Education Review talks to DR Deborah Lambie about LearnCOACH, a site she co-founded that is helping thousands of Kiwi students to pass NCEA.
|Dr Deborah Lambie|
Next to a LearnCOACH tutorial video titled ‘How to write an amazing essay’ is a button that says ‘Procrastinate’. Of course, I have to click on it, and a pop-up tells me that the co-founder of LearnCOACH, Deb, is a member of Toastmasters, which, surprisingly, is not a group that meets to discuss the latest toast news, “but a girl can dream”. This is just one of the interesting tidbits you’ll find under ‘Procrastinate’. Then there’s also a ‘Stop procrastination’ button.
It isn’t hard to see why teenagers like this site. I proceed to watch the essay tutorial, which is up-to-date and funny (it has references to Donald Trump, grammar Nazis and so on), as well as being easy to understand and, most importantly, aimed at meeting NCEA requirements.
Deb, or more formally Dr Deborah Lambie, laughs when I express my delight in the humorous touches.
“A friend of mine is a comedian and he went through and made sure everything was on point,” she says.
LearnCOACH is a labour of love in that respect, its content dependent on the input of co-founders Deb and her partner Dave Cameron and volunteers. There are now over 200 tutorials on LearnCOACH, and they have helped over 60,000 students. Not bad for a site conjured up in 2012.
“Four years ago I learned that one in 10 New Zealand students leave school with no qualifications and it really broke my heart,” says Deb. “And when your heart breaks for something, you have to take action.”
At the time, Deb and Dave were involved in tutoring high school students. As a secondary teacher, Dave had seen many students falling further and further behind, and as a doctor, Deb had seen the impact that missing school had on children with health issues. Students would underachieve, fail and, even worse, some students would label themselves as ‘dumb’ and give up on school altogether. Realising there was a limit to the number of students they could help with tutoring, they came up with the idea of providing the tutorials by video to reach a much larger number of students.
“Many parents are unable to help or can’t afford extra tuition,” says Deb. “Students can access these for free at any time.”
At the moment, LearnCOACH is completely self-funded so it is not hard to understand why Deb was so thrilled to receive a $10,000 AMP ‘Dare to Dream’ Scholarship.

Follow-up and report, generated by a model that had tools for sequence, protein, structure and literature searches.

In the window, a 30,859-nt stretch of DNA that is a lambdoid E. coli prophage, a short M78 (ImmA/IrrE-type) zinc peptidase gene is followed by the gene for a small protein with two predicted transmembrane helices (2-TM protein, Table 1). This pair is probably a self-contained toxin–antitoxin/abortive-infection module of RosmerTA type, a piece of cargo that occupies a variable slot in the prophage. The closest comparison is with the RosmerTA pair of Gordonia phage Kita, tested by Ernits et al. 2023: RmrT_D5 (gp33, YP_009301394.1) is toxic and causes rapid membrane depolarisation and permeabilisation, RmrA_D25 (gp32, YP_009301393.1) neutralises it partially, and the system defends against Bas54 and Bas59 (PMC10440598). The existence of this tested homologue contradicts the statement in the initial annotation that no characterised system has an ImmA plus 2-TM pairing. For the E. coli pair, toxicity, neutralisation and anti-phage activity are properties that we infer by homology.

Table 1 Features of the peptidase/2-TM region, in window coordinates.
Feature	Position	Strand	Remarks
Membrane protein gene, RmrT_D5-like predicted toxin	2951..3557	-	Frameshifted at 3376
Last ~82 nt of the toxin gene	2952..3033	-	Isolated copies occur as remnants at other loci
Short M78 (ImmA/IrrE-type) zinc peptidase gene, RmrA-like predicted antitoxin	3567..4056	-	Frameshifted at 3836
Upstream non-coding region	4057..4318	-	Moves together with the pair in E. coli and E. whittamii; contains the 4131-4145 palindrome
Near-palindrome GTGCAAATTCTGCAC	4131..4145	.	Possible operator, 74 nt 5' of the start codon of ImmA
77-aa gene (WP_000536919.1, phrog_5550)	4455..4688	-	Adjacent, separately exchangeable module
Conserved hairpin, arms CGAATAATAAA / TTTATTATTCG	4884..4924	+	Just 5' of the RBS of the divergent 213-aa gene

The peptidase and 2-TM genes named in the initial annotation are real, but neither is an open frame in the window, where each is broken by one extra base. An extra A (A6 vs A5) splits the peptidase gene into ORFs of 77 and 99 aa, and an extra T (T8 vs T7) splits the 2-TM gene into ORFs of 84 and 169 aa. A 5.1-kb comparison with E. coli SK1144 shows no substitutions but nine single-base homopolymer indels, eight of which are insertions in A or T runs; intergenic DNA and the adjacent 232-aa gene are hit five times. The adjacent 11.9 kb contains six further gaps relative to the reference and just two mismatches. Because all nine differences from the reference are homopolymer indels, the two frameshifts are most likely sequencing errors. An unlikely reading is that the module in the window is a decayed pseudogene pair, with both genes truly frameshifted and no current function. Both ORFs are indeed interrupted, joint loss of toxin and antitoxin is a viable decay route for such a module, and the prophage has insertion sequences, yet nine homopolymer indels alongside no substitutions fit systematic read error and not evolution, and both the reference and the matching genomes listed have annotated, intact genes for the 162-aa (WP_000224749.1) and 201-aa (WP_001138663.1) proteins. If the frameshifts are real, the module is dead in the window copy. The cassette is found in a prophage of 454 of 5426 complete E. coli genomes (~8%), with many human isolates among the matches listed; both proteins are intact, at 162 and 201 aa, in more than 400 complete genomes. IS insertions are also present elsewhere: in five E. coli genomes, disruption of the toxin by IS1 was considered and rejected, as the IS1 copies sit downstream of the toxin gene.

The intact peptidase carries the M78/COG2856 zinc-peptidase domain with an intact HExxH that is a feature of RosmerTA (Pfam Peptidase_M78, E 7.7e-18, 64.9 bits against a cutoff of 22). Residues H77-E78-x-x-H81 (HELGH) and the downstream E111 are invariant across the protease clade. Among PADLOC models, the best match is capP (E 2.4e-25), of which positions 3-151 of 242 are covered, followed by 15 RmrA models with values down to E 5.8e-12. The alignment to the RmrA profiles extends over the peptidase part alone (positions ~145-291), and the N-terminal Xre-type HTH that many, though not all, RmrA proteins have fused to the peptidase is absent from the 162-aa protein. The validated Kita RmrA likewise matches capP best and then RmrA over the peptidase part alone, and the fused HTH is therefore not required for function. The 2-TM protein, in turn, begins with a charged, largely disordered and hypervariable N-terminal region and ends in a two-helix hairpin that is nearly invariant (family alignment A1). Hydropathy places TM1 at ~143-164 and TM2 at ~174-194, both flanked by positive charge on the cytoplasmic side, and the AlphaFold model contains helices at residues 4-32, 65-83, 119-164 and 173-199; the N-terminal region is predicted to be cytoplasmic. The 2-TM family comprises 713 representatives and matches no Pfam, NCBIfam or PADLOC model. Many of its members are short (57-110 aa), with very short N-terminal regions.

She intends to use the scholarship money to help expand the site and add more tutorials over the summer.
At the moment the site has tutorials, old exam questions and answers, tutorial summaries that can be downloaded, and even the capacity for students to submit feedback and ask questions.
“You wouldn’t expect kids to take the time to send feedback, but they do. We get all sorts of emails and questions. One kid emailed recently saying he was having a crisis and the site had saved his life.”
There are plenty of plans to develop LearnCOACH further.
Deb and Dave hope to eventually include resources for parents, to help them better understand NCEA. There are plans afoot to offer tutorials in te reo Māori, subtitles for students who are deaf, and to work with youth health organisations.
The big goal for LearnCOACH, however, is for it to become sustainable, so that if Deb and Dave ever had to step back from it, the site would still continue. They have become a charitable trust, which will hopefully allow them to apply for funding in the future.
As if she isn’t busy enough with the site and her full-time ‘day job’ as a doctor at Wellington Hospital, last year Deb held the title of Miss World New Zealand. The competition required contestants to be involved in a charity project – an easy requirement for Deb, given that LearnCOACH was well underway by then.
Deb admits she’s pleased to have more time to focus on the site now that her duties as Miss World New Zealand have finished; however, she says the title definitely helped to leverage the site.
The ‘change the world’ mantra of beauty pageant queens is often a cliché, but Deb is certainly walking the talk. She is fast realising her dream of stamping out educational inequality with LearnCOACH.
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